Estonia to pick side in 5G dispute

Prime Minister Jüri Ratas.

PHOTO: Sander Ilvest

Prime Minister Jüri Ratas is set to sign a document in Washington this week that will all but rule out the use of Huawei equipment in Estonia’s next generation 5G network.

The signature in question will likely adorn a memorandum being prepared, in which Estonia and USA will pledge to only use technology by trustworthy suppliers in their communications networks.

The agreement does not concern phone calls or SMS messages but future networks to enable the internet of things and self-driving cars.

The world has just three companies capable of developing major 5G networks. They are Sweden’s Ericsson, Finnish Nokia and the world’s largest telecom company Chinese Huawei.

Even though the text of the memorandum is still open, it will likely make no direct mention of Huawei or Chinese espionage concerns on which Postimees has written many times.

Estonia will promise to thoroughly verify whether the supplier of 5G technology is free of government intervention. The Estonian Foreign Intelligence Service concluded in spring that Huawei does not meet the criterion.

If Prime Minister Ratas and US Secretary of State Mike Pompeo sign the memorandum in the second half of the week, Estonia will become the second European country, after Poland, to have signed such a document.

“The memorandum will send a strong signal that Estonia supports finding a secure 5G solution. Cooperation in the fields of 5G, telecommunications and new technology was also included in a joint US-Finnish statement in October,” said Liisi Poll, press adviser for the Estonian government.

Officially, the Americans’ main concern is with the security of their military bases in allied countries that – sensitive communications aside – use local communications networks.

Potential threat to national security

Even though no backdoors have been found in Huawei network equipment, both the Brits and Americans have discovered that Huawei has had the ability to control foreign communications networks from its headquarters in China. Because recent legislation obligates Chinese companies to cooperate with government agencies, analysts perceive it as a potential national security threat.

That is why the Trump administration warned the German government in March that if Huawei is allowed to participate in developing the country’s 5G network, the US will dial back intelligence information made available to the Germans. While Estonia does not have a US military base, US troops are permanently placed in the country.

The world is split on this matter, with countries deciding to either allow or ban use of Huawei technology. Germany belongs in the former camp as it believes it can monitor the risk. Estonia has no such capacity and has to decide blindly.

While the memorandum is not legally binding, it does constitute a promise to Estonia’s most powerful military ally. Even though Estonia seems to be choosing sides by deciding to sign the memorandum, the document is rather the result of domestic processes. It was preceded by new draft regulation by the Ministry of Economic Affairs and Communications.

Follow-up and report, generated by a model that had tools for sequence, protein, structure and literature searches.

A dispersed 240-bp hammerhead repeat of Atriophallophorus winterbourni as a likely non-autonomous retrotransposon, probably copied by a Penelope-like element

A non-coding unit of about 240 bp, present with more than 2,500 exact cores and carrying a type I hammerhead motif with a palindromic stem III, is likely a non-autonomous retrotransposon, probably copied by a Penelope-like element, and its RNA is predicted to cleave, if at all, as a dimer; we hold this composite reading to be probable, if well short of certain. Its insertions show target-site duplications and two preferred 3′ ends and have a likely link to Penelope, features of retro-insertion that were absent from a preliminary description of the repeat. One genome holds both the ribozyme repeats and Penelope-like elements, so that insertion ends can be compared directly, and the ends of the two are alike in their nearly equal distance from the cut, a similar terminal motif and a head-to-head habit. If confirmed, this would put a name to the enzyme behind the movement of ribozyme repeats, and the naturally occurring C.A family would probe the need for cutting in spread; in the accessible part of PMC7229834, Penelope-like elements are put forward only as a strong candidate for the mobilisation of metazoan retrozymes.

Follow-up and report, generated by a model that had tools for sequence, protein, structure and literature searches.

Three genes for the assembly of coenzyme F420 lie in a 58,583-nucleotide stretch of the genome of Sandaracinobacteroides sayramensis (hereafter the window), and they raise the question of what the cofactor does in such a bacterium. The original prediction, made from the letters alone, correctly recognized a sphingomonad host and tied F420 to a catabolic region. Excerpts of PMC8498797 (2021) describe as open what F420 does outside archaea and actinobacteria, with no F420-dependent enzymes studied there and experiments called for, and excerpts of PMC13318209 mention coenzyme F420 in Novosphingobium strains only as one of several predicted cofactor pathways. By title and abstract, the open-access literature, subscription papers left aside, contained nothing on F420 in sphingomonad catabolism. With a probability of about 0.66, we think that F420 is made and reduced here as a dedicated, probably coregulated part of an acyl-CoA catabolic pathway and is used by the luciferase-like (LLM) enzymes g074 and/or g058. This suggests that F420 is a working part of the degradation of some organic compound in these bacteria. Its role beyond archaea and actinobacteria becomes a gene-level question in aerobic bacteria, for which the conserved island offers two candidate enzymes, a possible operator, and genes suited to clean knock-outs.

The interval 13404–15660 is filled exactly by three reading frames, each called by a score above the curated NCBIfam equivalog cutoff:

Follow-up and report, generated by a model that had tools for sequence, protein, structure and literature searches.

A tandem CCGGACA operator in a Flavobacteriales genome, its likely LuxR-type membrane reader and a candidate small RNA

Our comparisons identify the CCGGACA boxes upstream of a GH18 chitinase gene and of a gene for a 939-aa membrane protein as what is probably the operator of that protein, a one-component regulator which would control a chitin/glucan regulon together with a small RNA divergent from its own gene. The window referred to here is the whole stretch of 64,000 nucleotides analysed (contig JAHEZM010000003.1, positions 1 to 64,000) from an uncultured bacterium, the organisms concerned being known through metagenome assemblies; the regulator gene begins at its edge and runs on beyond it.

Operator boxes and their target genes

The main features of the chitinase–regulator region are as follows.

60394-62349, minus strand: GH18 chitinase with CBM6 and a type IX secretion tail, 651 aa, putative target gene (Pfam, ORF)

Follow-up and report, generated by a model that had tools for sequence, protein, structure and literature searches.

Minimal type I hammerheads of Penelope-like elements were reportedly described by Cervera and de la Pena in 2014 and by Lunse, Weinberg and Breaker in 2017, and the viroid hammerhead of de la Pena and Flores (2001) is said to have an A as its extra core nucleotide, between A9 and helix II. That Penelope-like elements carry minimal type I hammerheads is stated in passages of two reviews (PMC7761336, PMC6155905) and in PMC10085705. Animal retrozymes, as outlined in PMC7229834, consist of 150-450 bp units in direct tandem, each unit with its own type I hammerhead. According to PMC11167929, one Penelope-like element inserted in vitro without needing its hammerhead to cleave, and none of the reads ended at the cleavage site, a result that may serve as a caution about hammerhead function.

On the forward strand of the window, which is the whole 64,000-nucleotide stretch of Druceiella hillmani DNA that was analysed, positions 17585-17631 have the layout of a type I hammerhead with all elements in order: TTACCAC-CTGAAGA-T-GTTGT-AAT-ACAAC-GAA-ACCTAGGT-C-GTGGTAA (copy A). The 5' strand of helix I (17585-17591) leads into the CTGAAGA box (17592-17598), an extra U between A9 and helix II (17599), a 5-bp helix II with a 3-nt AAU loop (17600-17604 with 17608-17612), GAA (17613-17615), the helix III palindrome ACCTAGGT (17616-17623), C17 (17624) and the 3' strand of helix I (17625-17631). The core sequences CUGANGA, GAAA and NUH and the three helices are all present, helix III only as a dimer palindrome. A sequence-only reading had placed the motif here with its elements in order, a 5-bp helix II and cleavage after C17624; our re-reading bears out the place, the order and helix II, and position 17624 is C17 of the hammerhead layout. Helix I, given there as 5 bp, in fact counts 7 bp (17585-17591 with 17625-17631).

The latter obligates ISPs offering vital services to coordinate new network technology with the state. This means that when an ISP wants to install new devices or software, it will first have to file an application with the Consumer Protection and Technical Regulatory Authority (TTJA) that will then be reviewed by the foreign intelligence service, the Estonian Internal Security Service and the State Information System’s Agency.

If just one agency fails to greenlight the new technology, the application will be forwarded to the cybersecurity council of the government’s national defense committee. Poland that first signed such a memorandum with the Americans uses a similar case-by-case approach.

Head of the ministry’s working group Raul Rikk said that because Estonia is incapable of testing the security of equipment itself, while technologies might remain in use for years, the manufacturer’s credibility is of vital importance.

Rikk said this does not directly rule out Huawei devices. “The procedure is universal and is not aimed against any one manufacturer,” he said. When it comes to 5G technology, we proceed based on risk assessment, national security and economic interests, the principle of continuity of vital services and other relevant aspects.”

Estonia makes no distinction whether the application is for radio or backbone network equipment.

Two of Estonia’s three mobile communications operators – Telia and Tele 2 – have said they would use Nokia or Ericsson equipment for their 5G networks. Elisa has so far not ruled out procuring Huawei tech, listing advanced technology and favorable price as Huawei’s advantages.

What would happen if an ISP proposed building a 5G network on Huawei infrastructure? “I cannot say, that is why we need the deliberation process,” Rikk said.

China sure to react

Director of the International Center for Defense and Security Sven Sakkov described Estonia’s conduct as pragmatic.

“It is sensible for Estonia to find common ground with USA in matters that hold a special importance for Washington. It is good Estonia will become the second country after Poland to sign such a memorandum,” Sakkov said.

Because 5G might develop into the neural network of the society of the future, it stands close to matters of sovereignty.

Criticism aimed at China has provoked responses recently, and it is likely Estonia will also see a reaction. “It will give Estonian diplomats the chance to explain matters in Beijing,” Sakkov said.

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